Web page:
In contrast, a 500-hPa geopotential height pattern that would favor the opposite conditions (low OPG and low mean precipitation across the western United States) is shown as height anomalies from the mean conditions in Fig. 11b for winters with the first principal component in the lower quartile. In general, these characteristics are increased Aleutian low intensity, increased ridging over the Pacific Northwest and Gulf of Alaska, a region of increased geopotential heights in the midlatitude central Pacific, and slightly increased strength of the weak mean trough near Baja California, resulting in a more amplified pattern over the eastern Pacific Ocean with stronger split-flow conditions into the western United States.

2) Second principal component

The second principal component of OPG (PC2) explains 12% of the variance in winter mean OPG. In this mode, there is a north/south dipole in the loading pattern, meaning the northern and southern portions of the western continental United States tend to have oppositely signed OPG anomalies in this mode (Fig. 12a).

Fig. 12.

Similar to Fig. 10, but showing (a) coefficient values for the 120 facets in EOF analysis for the second principal component (PC2), (b) time series of standardized anomalies of PC2 and the 500-hPa geopotential height dipole index between coastal central California and the Gulf of Alaska, and (c) correlations between PC2 and winter-season mean 500-hPa geopotential height for the 39-yr period (shading) and average winter-season 500-hPa geopotential height conditions for the 39-yr period (contours every 100 m).

Fig. 12.

Similar to Fig. 10, but showing (a) coefficient values for the 120 facets in EOF analysis for the second principal component (PC2), (b) time series of standardized anomalies of PC2 and the 500-hPa geopotential height dipole index between coastal central California and the Gulf of Alaska, and (c) correlations between PC2 and winter-season mean 500-hPa geopotential height for the 39-yr period (shading) and average winter-season 500-hPa geopotential height conditions for the 39-yr period (contours every 100 m).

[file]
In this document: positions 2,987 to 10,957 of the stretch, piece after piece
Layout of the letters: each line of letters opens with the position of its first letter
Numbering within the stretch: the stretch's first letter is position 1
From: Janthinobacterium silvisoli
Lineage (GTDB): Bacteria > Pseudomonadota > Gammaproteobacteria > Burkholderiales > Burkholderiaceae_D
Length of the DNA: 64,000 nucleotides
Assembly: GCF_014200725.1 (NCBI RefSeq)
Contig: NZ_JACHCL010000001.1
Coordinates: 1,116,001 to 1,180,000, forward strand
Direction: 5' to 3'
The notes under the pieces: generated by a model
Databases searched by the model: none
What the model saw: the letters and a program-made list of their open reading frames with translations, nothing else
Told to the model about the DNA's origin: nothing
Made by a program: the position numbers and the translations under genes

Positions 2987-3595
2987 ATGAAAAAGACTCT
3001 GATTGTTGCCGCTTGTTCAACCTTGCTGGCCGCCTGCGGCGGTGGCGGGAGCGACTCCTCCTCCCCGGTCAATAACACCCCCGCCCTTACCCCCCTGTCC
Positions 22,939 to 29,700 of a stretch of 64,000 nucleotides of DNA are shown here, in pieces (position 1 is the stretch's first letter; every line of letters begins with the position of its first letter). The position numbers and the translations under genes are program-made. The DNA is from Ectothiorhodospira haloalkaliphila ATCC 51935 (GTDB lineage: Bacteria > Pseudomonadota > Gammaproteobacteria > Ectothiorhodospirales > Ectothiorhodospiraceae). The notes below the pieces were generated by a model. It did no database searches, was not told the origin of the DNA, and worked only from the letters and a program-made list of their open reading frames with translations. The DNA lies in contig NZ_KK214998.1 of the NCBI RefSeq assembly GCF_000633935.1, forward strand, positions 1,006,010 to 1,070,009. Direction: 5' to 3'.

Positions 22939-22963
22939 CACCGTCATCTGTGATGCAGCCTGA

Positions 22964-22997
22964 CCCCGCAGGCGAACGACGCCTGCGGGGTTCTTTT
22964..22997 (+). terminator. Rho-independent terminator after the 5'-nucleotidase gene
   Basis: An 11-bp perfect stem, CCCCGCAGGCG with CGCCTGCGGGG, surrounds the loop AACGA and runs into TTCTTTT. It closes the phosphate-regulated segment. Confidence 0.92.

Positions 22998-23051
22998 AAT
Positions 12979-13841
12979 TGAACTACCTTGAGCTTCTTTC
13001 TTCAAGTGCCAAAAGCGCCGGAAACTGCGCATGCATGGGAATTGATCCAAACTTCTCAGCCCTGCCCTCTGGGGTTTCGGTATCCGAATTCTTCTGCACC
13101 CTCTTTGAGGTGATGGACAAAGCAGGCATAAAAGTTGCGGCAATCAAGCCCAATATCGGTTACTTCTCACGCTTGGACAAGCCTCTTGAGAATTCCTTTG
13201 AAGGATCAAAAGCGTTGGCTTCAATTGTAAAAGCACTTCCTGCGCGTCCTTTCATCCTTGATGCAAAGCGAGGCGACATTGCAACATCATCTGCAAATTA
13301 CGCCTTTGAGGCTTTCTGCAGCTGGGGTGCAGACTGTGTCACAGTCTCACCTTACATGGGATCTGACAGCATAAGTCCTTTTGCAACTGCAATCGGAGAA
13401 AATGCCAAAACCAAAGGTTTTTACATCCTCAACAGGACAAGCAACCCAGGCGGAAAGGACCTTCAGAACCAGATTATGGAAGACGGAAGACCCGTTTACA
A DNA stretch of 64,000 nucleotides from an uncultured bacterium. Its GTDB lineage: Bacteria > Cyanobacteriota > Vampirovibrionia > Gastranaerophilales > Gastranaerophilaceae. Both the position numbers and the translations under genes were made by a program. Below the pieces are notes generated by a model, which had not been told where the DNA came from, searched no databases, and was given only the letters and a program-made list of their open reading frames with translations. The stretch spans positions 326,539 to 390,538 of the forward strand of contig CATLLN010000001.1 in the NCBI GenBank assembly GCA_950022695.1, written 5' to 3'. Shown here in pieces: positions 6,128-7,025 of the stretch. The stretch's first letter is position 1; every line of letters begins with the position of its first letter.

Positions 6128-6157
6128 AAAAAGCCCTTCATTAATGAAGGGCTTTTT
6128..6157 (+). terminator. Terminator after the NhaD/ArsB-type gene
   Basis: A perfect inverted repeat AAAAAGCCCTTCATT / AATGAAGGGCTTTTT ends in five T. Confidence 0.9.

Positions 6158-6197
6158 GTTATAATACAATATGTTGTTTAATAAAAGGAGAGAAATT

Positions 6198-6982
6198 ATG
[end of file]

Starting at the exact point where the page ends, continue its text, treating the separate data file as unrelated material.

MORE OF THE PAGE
Winter seasons with amplified ridging off of the western coast of the United States in addition to a strengthened Aleutian low tend to produce a region of above-average OPG in the northern half of the western United States and a region of below-average OPG in the southern half of the western United States. A 500-hPa geopotential height dipole index between central coastal California and the Gulf of Alaska is moderately positively correlated with the time series for the second principal component (r = 0.60) and is shown in Fig. 12b. This dipole index is defined as the mean winter-season height differences between 4° latitude by 4° longitude areas centered at the maximum (35°N, 125°W) and minimum (58°N, 156°W) correlation locations shown in the correlation map between the second principal component and each grid point of 500-hPa geopotential height shown in Fig. 12c. An anomalously small value for the second principal component in the first year of record (winter season 1980) while the dipole index was near zero was due to a westward shifted and more north/south oriented dipole than the other years. The westward shift of the dipole coincided with highly above-average OPG in the southern tier of the western United States and substantially below-average OPG in the northern tier.